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To ask the Secretary of State for Environment, Food and Rural Affairs, what recent assessment her Department has made of the effect of wood burning stoves on air quality.
Defra assesses air quality in the UK through a combination of monitoring and modelling, as well as through the development and upkeep of a National Atmospheric Emissions inventory (NAEI). The NAEI is compiled annually to report total emissions by pollutant and source sector in a systematic way, and to facilitate compliance with our emissions reduction targets.
Emissions from domestic combustion using wood as fuel have increased by 70 per cent since 2005. As recognised by the Committee on the Medical Effects of Air Pollutants, particulate matter is particularly harmful for health and the environment. The most recently published data from the NAEI shows that domestic combustion using wood as fuel accounted for 36 per cent of primary emissions of fine particulate matter (PM2.5) in 2017. We will publish the next annual update of the NAEI, with data for 2018, in the coming weeks.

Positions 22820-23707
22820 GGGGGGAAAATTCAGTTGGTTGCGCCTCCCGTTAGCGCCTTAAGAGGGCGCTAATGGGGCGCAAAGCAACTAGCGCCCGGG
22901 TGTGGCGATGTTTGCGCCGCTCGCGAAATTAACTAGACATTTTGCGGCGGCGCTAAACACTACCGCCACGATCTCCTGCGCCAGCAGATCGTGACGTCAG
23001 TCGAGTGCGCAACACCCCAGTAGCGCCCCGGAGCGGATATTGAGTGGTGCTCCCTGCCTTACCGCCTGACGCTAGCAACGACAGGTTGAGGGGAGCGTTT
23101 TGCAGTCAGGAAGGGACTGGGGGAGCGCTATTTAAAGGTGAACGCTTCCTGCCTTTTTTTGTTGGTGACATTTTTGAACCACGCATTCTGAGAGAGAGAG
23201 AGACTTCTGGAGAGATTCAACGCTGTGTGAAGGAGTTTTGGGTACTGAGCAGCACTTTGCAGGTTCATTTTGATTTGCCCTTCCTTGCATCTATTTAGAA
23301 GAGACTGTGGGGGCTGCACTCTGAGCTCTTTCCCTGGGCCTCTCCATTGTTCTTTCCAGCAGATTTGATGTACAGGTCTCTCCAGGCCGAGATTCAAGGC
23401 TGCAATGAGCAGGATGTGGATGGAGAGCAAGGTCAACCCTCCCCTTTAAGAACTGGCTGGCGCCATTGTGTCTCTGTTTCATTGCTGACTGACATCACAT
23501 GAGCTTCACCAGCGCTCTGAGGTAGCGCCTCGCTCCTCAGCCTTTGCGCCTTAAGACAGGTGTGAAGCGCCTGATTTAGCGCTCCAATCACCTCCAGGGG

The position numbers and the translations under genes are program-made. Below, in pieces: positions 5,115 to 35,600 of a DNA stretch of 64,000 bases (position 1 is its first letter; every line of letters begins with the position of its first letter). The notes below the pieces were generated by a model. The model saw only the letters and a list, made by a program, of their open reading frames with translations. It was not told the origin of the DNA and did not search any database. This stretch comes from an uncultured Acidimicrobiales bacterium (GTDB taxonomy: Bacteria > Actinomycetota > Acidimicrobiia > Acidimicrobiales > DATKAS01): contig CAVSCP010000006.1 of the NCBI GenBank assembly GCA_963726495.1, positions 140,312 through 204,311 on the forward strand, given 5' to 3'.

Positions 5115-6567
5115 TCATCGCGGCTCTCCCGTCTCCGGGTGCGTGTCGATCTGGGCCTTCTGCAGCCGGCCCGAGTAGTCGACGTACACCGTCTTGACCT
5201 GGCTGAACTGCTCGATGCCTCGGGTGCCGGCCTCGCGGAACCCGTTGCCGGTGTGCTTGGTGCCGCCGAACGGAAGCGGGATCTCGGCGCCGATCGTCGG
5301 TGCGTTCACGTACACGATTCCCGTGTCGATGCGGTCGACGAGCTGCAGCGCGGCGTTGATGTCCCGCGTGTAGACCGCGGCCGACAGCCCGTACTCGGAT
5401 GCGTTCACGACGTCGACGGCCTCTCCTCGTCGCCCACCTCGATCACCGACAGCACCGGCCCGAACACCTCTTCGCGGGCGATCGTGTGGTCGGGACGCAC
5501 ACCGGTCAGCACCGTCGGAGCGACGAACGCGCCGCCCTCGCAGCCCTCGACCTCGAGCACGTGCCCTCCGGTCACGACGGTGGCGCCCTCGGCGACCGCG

Wood burning stoves and coal fires are now the single largest contributor to our national emissions of particulate matter. We are already taking steps to tackle emissions from domestic burning. The Environment Bill currently before Parliament contains measures to reduce emissions from domestic solid fuel burning, the single largest contributor of fine particulate matter emissions. It will create a simpler mechanism for local authorities seeking to reduce smoke emissions within their areas.
Additionally, in line with the Clean Air Strategy, Defra has consulted on the cleaner domestic burning of solid fuels and wood. We expect to publish the Government response to this consultation in the near future.